The Milton S. Eisenhower Symposium (MSE) brought Jake Sullivan to the University on Wednesday to discuss the most pressing issues in American foreign policy. The lecture was part of a collaboration between MSE and the Stavros Niarchos Foundation Agora Institute.
Sullivan is an American policymaker with a distinguished career in public service. In 2016, he was the senior policy advisor on Hillary Clinton’s presidential campaign, where he was in charge of her debate preparation. It was widely believed that had she won, Sullivan would have gone on to be America’s National Security Advisor.
Sullivan was the Deputy Chief of Staff for Clinton when she was the Secretary of State. He was also former Vice President Joe Biden’s top security aide.
Freshman Isabel Veloso was interested in hearing Sullivan speak because she was eager to get an insider’s perspective on the development of foreign policy.
“It’s cool to get someone on the inside because you don’t hear about foreign policy a lot. You hear about the news but not the strategies behind it,” Veloso said.
Sullivan discussed what he believes the Obama administration did well. Specifically, he said that the administration recognized that the U.S. would have to exercise strong leadership to help solve problems that other countries could not solve on their own.
He gave some examples of successful uses of this strategy, including the response to the Ebola crisis and the 65-nation coalition against ISIS.
“The legacy of his administration in coming up with flexible, creative coalitions and more ad-hoc arrangements to address big global problems not only is a harbinger but actually produced general successes. It was a way of leveraging American power of both the material kind and convenient kind to pull together these flexible, sometimes universal and sometimes more localized, efforts,” Sullivan said.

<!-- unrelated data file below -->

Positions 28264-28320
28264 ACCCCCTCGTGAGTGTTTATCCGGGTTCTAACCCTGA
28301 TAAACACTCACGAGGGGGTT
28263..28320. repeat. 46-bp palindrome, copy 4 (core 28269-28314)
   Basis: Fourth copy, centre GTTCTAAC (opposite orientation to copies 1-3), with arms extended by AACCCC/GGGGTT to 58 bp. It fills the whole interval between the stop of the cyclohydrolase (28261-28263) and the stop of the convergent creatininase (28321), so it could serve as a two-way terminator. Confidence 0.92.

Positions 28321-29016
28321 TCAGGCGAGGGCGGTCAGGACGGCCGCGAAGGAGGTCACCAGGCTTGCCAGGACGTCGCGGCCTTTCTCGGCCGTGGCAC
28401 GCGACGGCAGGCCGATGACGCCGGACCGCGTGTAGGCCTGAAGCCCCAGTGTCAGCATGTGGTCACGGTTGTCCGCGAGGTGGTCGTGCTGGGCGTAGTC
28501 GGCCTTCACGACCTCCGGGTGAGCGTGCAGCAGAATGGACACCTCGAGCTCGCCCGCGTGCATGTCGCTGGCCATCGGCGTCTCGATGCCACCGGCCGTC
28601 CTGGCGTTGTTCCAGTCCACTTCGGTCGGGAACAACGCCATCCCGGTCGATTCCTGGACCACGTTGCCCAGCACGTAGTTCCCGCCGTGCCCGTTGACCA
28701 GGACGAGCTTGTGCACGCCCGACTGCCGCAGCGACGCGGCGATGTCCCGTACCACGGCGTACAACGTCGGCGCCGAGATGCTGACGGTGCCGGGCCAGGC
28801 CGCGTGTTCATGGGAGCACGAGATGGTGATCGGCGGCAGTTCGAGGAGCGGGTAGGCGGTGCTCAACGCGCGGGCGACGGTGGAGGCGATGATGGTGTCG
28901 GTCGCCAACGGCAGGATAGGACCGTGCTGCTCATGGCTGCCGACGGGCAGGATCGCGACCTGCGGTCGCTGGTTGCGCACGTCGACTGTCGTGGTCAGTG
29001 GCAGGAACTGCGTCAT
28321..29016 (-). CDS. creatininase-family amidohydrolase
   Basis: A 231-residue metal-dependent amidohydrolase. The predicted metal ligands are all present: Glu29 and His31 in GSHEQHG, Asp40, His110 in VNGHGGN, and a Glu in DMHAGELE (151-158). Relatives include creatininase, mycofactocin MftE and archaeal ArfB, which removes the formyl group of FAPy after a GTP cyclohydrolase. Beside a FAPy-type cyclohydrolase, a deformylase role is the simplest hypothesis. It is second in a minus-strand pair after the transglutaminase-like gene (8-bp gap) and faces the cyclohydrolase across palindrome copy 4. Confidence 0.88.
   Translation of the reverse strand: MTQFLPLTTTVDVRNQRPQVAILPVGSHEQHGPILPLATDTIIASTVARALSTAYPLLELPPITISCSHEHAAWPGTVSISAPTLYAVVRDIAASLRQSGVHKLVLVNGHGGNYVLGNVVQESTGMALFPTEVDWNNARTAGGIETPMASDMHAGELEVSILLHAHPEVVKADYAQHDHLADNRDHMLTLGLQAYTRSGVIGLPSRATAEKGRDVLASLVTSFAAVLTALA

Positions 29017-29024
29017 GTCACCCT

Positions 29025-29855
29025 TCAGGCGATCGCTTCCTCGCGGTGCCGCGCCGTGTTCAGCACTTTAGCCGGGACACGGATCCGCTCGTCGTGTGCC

Sullivan believes that Americans voted for U.S. President Donald Trump because they were hoping for change.
“I think the ‘Trump Doctrine’ can be summed up in a sentence, which is essentially: ‘The world has been laughing at us, and it’s time for us to make them stop.’ Trump believes that everything that the United States did from the Second World War to 2016 was designed to help other countries succeed and reduce the overall American prestige and power in the world,” Sullivan said.
He went on to explain four ways the Trump Doctrine has manifested in American society. These include the Trumpist beliefs that allies are more of a burden than a benefit for the United States; values have no place in American foreign policy; the United States should deal with other countries bilaterally rather than multilaterally; and that other countries’ safety limits the strength of the United States.
Sullivan argued that the four elements of the Trump Doctrine are the wrong tack for American foreign policy but that Trump’s take on trade policy is correct.
Sullivan also discussed recent controversies surrounding the impeachment hearings. He also discussed more general Democratic critique of the Trump administration.
“What used to be considered mentalities will now be the core Democratic message, that it’s better to have friends than not. And there are bad people and bad leaders in the world, and we shouldn’t be kissing up to them. Trump has mistaken many of America’s adversaries as his buddies for personal interest. I think the narrative will be very much about the construct,” Sullivan said.
Sullivan concluded his talk by contending that other countries have lost respect for the U.S. following recent controversies surrounding Trump.
Freshman Dominique Varier explained that he attended Sullivan’s talk because he wanted to learn about the evolution of America’s foreign policy.
“Especially in the past decade, whether it has been Bush to Obama to Trump, it’s been a rapid change in U.S. foreign policy,” he said.
Senior Elliot Seckler said that he found Sullivan’s talk significant for shedding light on the role of foreign policy in American politics.
“The two interplay,“ Seckler said. “The public and foreign international policy communities actually are intertwined.”
Correction: The original version of this article mistakenly referred to Senator John McCain, instead of Sullivan, as Clinton’s Deputy Chief of Staff.
The News-Letter regrets this error.